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Christina’s World, Andrew Wyeth, 1948


Christina’s World is one of the most iconic – and most mysterious – American realist paintings of the twentieth century. At first glance, there is nothing unsettling about the scene. But the meaning of Andrew Wyeth’s (1917–2009) painting changes dramatically when we learn about his subject, Christina Olson, whose contorted body has captivated and haunted critics for decades.

Wyeth was the youngest of the five children to the illustrator and artist N. C. Wyeth. As a teenager, he accompanied his father to work and, with his guidance, he mastered figurative studies, watercolour, and later egg tempera.

He met Christina Olson in 1939. She lived on a farm in Cushing, Maine which her ancestors had settled in 1743. The sixteen-room house, which is pictured in Wyeth’s painting, was her family home.

After her parents passed in 1935, Christina lived at the house alone with her brother Alvaro. As time went on, she suffered from weakness in her feet and lower leg muscles which made it harder to walk.

Neurologists initially thought she had polio but it is now believed she suffered from a then undiagnosed, neurodegenerative condition called Charcot-Marie Tooth disease. By the time she reached her late twenties, Christina was paralysed from the waist down. Stubborn and self-reliant, she resisted the idea of using a wheelchair or crutches, instead preferring to crawl or drag herself around the house.

The Olsen family home, a colonial New England style saltwater farmhouse, depicted in Christiana's World.The Olsen family home, a colonial New England style saltwater farmhouse, depicted in Christiana's World.

Destitute and isolated, Christina and her brother made a meagre living selling chicken eggs and surplus vegetables. By the 1940s, unlike the rest of America which saw an explosion of consumer goods and a steep rise in the middle class, the two siblings muddled along, almost entirely detached from the rest of the wider community.

That was until they were introduced to Wyeth by his wife Betsy. Over time, the group became closer and more trusting of each other. By 1945, Wyeth could often be found roaming the land surrounding the farm, painting en plein air, or working in one of the bedrooms of the house Christina allowed him to use as a studio. 

Wyeth pictured on a car painting en plein air next William Waterway Marks, who was a guest at his sheep farm in the summer of 1977Wyeth pictured on a car painting en plein air next William Waterway Marks, who was a guest at his sheep farm in the summer of 1977

Wyeth decided to paint Christina’s World after looking out the window of his studio one late afternoon in the summer of 1948. He saw Christina dragging herself across the grassy plain below.

Watching her frail, deformed body attempt to propel herself back to the house, he couldn’t help but marvel at her resilience. Reflecting on why he chose to paint Christina, Wyeth once stated that he sought ‘to do justice to her extraordinary conquest of a life which most people would consider hopeless.’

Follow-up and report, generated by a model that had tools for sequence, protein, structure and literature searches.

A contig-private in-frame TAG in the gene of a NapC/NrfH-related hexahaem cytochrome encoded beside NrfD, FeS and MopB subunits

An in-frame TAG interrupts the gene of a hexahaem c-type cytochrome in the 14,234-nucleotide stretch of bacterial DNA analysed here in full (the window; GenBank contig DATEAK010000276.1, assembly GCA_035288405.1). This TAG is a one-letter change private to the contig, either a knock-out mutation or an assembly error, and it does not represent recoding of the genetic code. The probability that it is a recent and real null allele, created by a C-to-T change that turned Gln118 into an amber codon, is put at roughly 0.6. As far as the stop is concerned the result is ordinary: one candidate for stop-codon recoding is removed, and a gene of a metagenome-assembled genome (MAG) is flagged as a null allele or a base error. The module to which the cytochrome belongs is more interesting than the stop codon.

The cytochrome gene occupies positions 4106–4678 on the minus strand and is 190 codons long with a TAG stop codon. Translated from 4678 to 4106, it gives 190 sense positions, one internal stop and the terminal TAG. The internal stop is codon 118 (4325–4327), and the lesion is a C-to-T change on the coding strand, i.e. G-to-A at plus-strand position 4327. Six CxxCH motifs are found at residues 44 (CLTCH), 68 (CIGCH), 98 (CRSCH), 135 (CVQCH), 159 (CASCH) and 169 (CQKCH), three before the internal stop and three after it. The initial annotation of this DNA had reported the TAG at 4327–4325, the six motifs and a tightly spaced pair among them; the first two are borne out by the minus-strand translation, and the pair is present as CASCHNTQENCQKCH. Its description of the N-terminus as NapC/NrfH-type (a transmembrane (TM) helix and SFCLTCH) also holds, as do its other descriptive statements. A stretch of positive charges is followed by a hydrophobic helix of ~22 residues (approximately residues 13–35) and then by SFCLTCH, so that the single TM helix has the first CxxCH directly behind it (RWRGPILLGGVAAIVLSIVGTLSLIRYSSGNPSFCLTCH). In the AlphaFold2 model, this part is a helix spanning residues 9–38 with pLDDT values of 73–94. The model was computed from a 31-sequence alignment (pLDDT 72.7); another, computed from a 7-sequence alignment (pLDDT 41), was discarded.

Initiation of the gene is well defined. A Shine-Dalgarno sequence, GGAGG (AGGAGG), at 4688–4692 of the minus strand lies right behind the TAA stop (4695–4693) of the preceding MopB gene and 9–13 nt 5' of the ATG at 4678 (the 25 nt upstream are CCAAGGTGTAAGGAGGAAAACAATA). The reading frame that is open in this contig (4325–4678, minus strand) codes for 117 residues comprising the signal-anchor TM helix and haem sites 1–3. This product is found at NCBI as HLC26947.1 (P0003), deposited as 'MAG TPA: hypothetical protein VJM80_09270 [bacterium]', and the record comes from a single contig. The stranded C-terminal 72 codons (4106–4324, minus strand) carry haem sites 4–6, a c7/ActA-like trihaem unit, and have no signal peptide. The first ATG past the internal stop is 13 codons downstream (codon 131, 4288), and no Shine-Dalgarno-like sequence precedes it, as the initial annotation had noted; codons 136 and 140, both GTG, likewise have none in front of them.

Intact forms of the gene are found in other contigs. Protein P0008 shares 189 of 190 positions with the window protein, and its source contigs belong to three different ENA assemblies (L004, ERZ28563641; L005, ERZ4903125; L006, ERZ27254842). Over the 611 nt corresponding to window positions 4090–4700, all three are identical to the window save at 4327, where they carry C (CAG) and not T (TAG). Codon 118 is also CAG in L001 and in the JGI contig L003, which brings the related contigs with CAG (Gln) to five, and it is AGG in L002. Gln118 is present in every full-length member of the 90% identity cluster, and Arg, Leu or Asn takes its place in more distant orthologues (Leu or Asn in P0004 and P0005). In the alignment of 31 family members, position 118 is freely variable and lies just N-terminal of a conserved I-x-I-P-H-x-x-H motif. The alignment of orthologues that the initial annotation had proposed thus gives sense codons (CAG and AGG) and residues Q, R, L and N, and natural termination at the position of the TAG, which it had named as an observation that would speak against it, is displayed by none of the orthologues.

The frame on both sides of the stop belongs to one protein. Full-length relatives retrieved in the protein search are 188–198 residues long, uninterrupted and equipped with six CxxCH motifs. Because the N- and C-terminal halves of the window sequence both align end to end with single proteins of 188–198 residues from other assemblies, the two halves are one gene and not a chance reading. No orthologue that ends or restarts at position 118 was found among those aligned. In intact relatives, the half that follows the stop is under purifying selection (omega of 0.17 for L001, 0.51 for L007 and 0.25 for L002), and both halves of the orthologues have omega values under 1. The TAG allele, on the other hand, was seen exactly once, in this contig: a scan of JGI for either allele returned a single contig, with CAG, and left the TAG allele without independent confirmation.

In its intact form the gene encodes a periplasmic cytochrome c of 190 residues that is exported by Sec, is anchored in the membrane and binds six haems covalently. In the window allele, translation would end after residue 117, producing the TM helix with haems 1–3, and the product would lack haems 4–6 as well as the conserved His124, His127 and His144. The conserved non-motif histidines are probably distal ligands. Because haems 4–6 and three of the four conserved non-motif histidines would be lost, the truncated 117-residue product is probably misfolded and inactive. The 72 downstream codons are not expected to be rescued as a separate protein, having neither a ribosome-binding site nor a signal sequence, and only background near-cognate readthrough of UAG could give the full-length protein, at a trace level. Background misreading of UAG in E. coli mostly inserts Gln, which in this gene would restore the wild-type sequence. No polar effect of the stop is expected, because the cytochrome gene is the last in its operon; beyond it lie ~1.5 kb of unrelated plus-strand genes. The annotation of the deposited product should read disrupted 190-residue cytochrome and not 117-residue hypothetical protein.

However, without this context, the painting’s composition continues to shroud it in mystery today. Seeing Christina from behind – without a glimpse of her face – the viewer focuses on her twisted and straining body. Her hands grip the earth beneath her as she crawls alone on a desolate landscape. It is tempting to try to fill in the gaps: projecting a new narrative onto the painting. Is she fearful? Longing? Defiant? Vulnerable? What was Wyeth trying to achieve by depicting her in this way?

Annie Leist, a visually-impaired New York artist and associate educator in Community for MoMa, suggests that the painting should be considered both joyous and limited. Christina was 55 when Wyeth decided to paint her, but it is well known that he opted to use his 26-year-old wife Betsy as his model.

Leist prompts viewers to reflect upon why Wyeth chose to use a non-disabled body to depict disability. What should we make of this reimagined version of Christina’s figure with youthful hips?

American art historian and critical theorist Kaja Silverman suggests such representations can, in some cases, be helpful because they allow the viewer ‘to identify with bodies we would otherwise repudiate.’ In this sense, fictive though she is, Christina’s body is both vulnerable and courageous. 

It is clear that Wyeth wanted the painting to be viewed as uplifting. ‘It’s very interesting that Christina’s World has such wide appeal’, Wyeth explains. ‘People seem to put themselves into it. I get literally hundreds of letters a year from people saying that it’s a portrait of themselves’.

Everyone arrives at the painting with different experiences and interpretations. There is no right or wrong reading. Reflecting on his now-iconic painting, Wyeth elucidates that ‘If in some small way I have been able in paint to make the viewer sense that [Christina's] world may be limited physically but by no means spiritually, then I have achieved what I set out to do.’

Christina herself is said to have loved the painting: ‘Andy put me where he knew I wanted to be. Now that I can’t be there anymore, all I do is think of that picture and I’m there.’


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